Learn Artisan Bread Making

loaves of bread and irish soda farls

David & I Were Busy Today – No Knead Bread, a Pain de Campagne loaf, and Irish Soda Farls

Many years ago, I would admire the wonderful looking loaves of bread that I would come across in bakeries. They had both a visual appeal and that wonderful fresh baked scent, and I’d dream that maybe someday, I’d have the equipment and skills needed to bake such good bread! I had the erroneous belief that baking artisan and bakery quality bread was difficult, if not impossible, in a home kitchen. I thought you’d need special bake ovens, unique and expensive equipment, and thought it would be a lot of work.

While some artisan breads are a lot of work, you can make high quality loaves with basic equipment you have in your home, as well as that regular home kitchen oven.  I’ve been baking a variety of breads for decades, including sandwich loaves, Irish Soda Farls and Wheaten bread, but was afraid of attempting much more than that.

My first venture into trying artisan breads was about ten years ago, with the publication of the “No Knead” bread recipe in a major New York newspaper. Requiring little effort but lots of time, and only a dutch oven to bake it in, the no knead loaf was an immediate hit with guests and friends, and my son and I even baked about 12 loaves in one day for my mom’s wedding!

In the subsequent years, I’ve picked up a couple of amazing books by Peter Reinhart:

The Bread Baker’s Apprentice: Mastering the Art of Extraordinary Bread &

Crust and Crumb: Master Formulas for Serious Bread Bakers

Both are wonderful books with lots of information and teaching and my copies are well used! In fact, I may need to replace them as they are always in my kitchen, have been spilled on, and the pages show much use including wear and tear. But even with these books, sometimes it would be nice to see how things are done, either watching Peter work in person, or perhaps in video.

Well, I discovered some time ago that Peter Reinhart teamed up with a crafts site that provides a variety of courses, and one of those courses is Peter teaching how to bake artisan bread with the use of video. I quickly signed up and have been learning ever since!  The course is wonderful as it provides a medium for being able to visualize what Peter is doing when he bakes his breads, and he is a wonderful teacher as well. The course starts out with an introduction to artisan baking along with important information to understand the entire making, baking, and eating of good quality bread. Peter refers to a 12 step process (yes, the last step is eating the bread!) that makes it easier to know what is going on and what makes a good bread, good.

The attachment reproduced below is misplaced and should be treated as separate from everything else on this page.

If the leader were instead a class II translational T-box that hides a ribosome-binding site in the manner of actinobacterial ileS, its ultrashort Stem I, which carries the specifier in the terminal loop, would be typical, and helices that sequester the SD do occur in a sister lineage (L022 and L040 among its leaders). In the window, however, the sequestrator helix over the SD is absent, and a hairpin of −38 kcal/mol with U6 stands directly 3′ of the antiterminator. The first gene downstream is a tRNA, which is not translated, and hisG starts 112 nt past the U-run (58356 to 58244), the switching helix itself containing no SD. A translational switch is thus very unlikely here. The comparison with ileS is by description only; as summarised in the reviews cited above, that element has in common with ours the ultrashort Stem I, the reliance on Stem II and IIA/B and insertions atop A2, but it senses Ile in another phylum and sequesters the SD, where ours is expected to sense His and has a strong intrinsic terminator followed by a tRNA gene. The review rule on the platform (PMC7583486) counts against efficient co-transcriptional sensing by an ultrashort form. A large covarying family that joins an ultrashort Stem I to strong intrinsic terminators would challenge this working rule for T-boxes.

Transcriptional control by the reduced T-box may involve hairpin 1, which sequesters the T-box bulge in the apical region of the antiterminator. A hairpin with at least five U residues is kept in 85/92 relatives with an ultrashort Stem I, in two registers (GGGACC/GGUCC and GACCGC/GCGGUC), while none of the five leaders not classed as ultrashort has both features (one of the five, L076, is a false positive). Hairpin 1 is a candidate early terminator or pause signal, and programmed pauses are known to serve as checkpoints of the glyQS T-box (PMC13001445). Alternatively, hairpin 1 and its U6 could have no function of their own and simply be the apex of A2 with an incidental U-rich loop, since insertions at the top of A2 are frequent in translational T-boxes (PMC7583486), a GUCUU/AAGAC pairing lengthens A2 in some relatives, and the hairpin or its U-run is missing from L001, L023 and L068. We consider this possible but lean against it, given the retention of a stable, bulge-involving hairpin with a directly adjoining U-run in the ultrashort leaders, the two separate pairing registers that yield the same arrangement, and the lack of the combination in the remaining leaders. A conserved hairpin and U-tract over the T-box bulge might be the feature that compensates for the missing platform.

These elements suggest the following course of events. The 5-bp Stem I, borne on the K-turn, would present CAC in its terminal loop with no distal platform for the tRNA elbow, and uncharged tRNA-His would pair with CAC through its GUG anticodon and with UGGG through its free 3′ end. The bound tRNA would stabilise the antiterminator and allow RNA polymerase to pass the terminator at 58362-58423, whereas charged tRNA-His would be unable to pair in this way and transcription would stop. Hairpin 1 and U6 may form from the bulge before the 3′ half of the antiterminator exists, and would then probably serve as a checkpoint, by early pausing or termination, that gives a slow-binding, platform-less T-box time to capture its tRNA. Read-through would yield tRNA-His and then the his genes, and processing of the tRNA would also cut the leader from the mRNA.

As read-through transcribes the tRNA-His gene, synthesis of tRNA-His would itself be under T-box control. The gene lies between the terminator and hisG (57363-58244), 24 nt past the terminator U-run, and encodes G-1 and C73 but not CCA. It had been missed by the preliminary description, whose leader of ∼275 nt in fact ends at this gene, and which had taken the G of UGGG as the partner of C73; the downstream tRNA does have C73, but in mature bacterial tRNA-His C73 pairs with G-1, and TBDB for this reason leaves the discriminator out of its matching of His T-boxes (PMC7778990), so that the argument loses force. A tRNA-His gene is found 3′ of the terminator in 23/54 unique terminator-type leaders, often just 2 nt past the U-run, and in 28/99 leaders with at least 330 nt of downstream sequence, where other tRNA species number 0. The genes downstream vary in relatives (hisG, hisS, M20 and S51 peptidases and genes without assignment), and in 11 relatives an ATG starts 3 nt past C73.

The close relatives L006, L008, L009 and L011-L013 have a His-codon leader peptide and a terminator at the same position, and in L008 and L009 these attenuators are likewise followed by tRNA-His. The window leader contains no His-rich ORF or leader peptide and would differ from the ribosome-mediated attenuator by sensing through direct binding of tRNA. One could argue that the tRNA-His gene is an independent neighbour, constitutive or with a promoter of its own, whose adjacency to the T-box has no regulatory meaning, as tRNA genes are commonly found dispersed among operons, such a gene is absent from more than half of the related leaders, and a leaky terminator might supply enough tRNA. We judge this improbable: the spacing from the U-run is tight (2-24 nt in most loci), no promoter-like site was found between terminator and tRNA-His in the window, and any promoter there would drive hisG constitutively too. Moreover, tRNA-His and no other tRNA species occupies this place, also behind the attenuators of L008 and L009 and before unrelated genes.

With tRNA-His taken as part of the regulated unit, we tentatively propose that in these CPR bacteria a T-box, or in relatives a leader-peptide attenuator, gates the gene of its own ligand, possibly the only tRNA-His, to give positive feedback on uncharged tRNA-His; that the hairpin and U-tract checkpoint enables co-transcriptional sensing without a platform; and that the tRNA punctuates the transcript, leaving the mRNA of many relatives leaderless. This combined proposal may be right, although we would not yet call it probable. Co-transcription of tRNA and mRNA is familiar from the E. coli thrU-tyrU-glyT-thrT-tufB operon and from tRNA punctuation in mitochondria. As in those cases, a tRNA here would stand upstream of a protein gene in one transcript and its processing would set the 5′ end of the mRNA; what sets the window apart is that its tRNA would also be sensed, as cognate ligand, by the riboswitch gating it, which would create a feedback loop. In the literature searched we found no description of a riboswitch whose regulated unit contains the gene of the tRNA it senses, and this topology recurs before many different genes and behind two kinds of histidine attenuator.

In addition, the course then covers the following:

  • Country Bread Variation & Shaping Options
  • Rustic Breads including Pain a L’ancienne, Classic Ciabatta, Focaccia, and Mini Baguettes.
  • Enriched Bread including dinner rolls
  • Marble Rye (with a lesson on braiding)
  • Making Babka
  • And Much More!

I tried making the Chocolate Babka for a family Christmas event, and while it did not turn out quite as impressive looking, visually, as Peter’s did, I was quite pleased with the many comments about how good it tasted! It was my first time attempting at such a rich bread with chocolate (although Peter uses semi-sweet dark chocolate chips but all I had on hand were milk chocolate chips).

If you are interested in learning techniques for artisan bread baking (or improving on your present skills), I highly recommend this course:

Artisan Bread Making

I know you’ll love the course! Peter is a wonderful instructor, and the course also comes with downloadable resources in PDF format that you can print, including recipes and instructions.

Related:

 Improved Northern Irish Soda Farl

The Trouble With Wheat

Currant Soda Farls

French Pain de Campagne

 

 

 

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